David Eaves Resigns
The shock news that Fylde Council Leader has resigned as Conservative Party Group Leader and as
Leader of Fylde Council, caught everyone - or almost everyone - by surprise.
Regular readers will know that - whilst we are frequent critics of what individuals may do and say in public life - we draw a distinct separation between public and private life and, for the most part, unless it overflows into public life, we don't
comment on what happens in the private lives of public figures.
However, we would like to make a small exception here to say we were very sorry to hear that Cllr Eaves has personal and family health concerns at the present time, and we hope he can resolve those concerns as quickly as possible. On a personal
level, we send our very best wishes and hope he has better health in the future.
In his public life, like the Commissar before him, Cllr Eaves displayed a very personable manner and has been even more unfailingly calm and polite, but as one of our readers is apt to tell us, people in public life should be are judged by what they do, not who they
are, or what they say.
So it's right - as we did when the former commissar stepped down - that we should review Cllr Eaves' tenure of the Leadership of Fylde Council to see what he has done. It's also apt for us to speculate who might be lining up to step into his
The previous incumbent of Fylde's Leadership was the 'villain we all loved to hate' - 'Commissar' John Coombes. In April 2010, he said he would stand down a month later on 10 May.
In early May, we said we expected Princess Karen Buckley - who had produced a very creditable result following her standing as an MP in Hyndburn - to contest the Fylde Conservative Group Leadership election on Monday 10th.
If she did contest that
election, she either withdrew or wasn't selected. (For fairly obvious reasons, readers will understand that we don't get to hear all the internal workings of Fylde's Conservative Association).
The person who was elected as the Conservative party group leader was Cllr David Eaves. He was subsequently elected as Leader of the Council.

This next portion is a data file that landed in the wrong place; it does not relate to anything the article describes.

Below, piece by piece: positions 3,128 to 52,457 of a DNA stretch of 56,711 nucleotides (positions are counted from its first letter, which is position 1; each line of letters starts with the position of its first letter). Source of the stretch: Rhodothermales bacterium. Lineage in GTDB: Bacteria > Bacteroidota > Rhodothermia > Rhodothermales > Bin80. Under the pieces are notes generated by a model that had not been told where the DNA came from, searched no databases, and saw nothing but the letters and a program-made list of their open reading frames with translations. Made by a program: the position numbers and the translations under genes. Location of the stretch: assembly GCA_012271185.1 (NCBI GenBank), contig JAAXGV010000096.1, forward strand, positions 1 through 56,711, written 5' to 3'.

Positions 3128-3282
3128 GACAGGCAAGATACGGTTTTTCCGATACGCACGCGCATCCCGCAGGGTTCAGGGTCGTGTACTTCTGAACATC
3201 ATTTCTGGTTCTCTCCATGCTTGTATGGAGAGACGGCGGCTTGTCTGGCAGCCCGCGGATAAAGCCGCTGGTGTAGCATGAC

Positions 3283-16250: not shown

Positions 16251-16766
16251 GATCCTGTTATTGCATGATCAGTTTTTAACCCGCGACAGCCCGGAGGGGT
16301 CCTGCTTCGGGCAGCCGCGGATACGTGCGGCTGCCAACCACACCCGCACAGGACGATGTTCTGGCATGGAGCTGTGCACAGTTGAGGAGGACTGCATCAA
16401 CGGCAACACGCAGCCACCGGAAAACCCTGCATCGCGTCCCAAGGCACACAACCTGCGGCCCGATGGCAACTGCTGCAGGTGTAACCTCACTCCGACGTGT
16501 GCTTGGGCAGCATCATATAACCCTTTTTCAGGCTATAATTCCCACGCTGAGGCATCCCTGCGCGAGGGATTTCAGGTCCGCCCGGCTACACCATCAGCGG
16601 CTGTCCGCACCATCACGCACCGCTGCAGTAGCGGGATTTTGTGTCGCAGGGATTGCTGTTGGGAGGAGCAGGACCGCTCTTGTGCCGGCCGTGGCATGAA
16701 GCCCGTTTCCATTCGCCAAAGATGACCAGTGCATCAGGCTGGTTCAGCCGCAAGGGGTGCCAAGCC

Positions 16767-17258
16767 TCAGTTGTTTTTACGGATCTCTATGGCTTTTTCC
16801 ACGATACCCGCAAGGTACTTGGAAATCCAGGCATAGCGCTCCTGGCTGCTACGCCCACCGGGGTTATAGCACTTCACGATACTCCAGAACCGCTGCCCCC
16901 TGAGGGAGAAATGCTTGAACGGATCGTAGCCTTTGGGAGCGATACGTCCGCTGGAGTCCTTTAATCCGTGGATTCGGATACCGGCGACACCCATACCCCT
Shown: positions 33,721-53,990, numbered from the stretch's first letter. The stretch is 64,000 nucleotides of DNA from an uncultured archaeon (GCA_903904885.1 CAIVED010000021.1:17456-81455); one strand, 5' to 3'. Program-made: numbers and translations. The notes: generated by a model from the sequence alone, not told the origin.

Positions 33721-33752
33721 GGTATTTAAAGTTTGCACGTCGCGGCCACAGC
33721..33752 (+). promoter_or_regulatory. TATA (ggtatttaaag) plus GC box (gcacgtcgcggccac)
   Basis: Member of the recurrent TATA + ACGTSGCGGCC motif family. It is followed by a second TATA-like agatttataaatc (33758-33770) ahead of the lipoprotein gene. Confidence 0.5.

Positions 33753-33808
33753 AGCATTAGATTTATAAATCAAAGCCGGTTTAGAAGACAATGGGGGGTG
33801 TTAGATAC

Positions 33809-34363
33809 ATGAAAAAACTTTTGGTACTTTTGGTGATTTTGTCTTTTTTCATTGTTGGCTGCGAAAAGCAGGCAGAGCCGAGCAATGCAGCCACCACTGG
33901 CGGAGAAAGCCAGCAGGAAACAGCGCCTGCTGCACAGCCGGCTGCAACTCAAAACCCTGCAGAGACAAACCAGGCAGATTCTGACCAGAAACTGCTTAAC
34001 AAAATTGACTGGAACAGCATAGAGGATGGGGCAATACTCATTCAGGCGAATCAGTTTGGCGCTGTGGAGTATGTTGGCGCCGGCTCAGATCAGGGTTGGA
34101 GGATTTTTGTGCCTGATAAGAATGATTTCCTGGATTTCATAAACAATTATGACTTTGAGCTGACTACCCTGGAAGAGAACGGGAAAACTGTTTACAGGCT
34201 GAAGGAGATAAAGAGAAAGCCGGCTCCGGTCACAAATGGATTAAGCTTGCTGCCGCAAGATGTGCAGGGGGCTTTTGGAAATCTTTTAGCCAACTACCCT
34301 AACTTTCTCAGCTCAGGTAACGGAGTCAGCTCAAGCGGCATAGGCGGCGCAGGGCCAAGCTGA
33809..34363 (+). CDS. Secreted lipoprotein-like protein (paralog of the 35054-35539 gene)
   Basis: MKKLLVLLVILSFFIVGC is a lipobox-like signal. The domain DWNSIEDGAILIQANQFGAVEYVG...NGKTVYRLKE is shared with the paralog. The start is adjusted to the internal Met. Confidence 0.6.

In a statement we thought to be quite telling at the time of his inauguration, his Conservative colleague, and (then) Mayor, Cllr Paul Rigby, said he wasn't sure whether to congratulate Cllr Eaves or to commiserate with him in his new role as Leader.
Echoing that theme, Cllr Janine Owen stood to express her best wishes to Cllr Eaves as he accepted what she described as "a poisoned chalice".
Cllr Eaves said he saw it as a great challenge. He saw it as a great honour, and he thanked his colleagues for all the support he had received. He wanted to say to everybody that he is passionate about Fylde and he wanted to work with every member of
the council, in order to take it forward, and provide the residents of the Borough with the quality services that it deserves.
We said at that time that, because he had only been elected in 2007, he would not have the 'usual' experience of council procedures that he probably needed to be 'top dog', and that situation brought with it the risk of his being given the run-around
by those with more experience.
In the early days of his Leadership, with just one notable exception, we reported the areas for which he had taken responsibility had been dealt with in a very satisfactory way - and even that one issue was a legacy from the time of the former Commissar.
Cllr Eaves told us that he hoped we would see a different approach to the way the Council was run.
His early pronouncements were much more bridge-building and inclusive.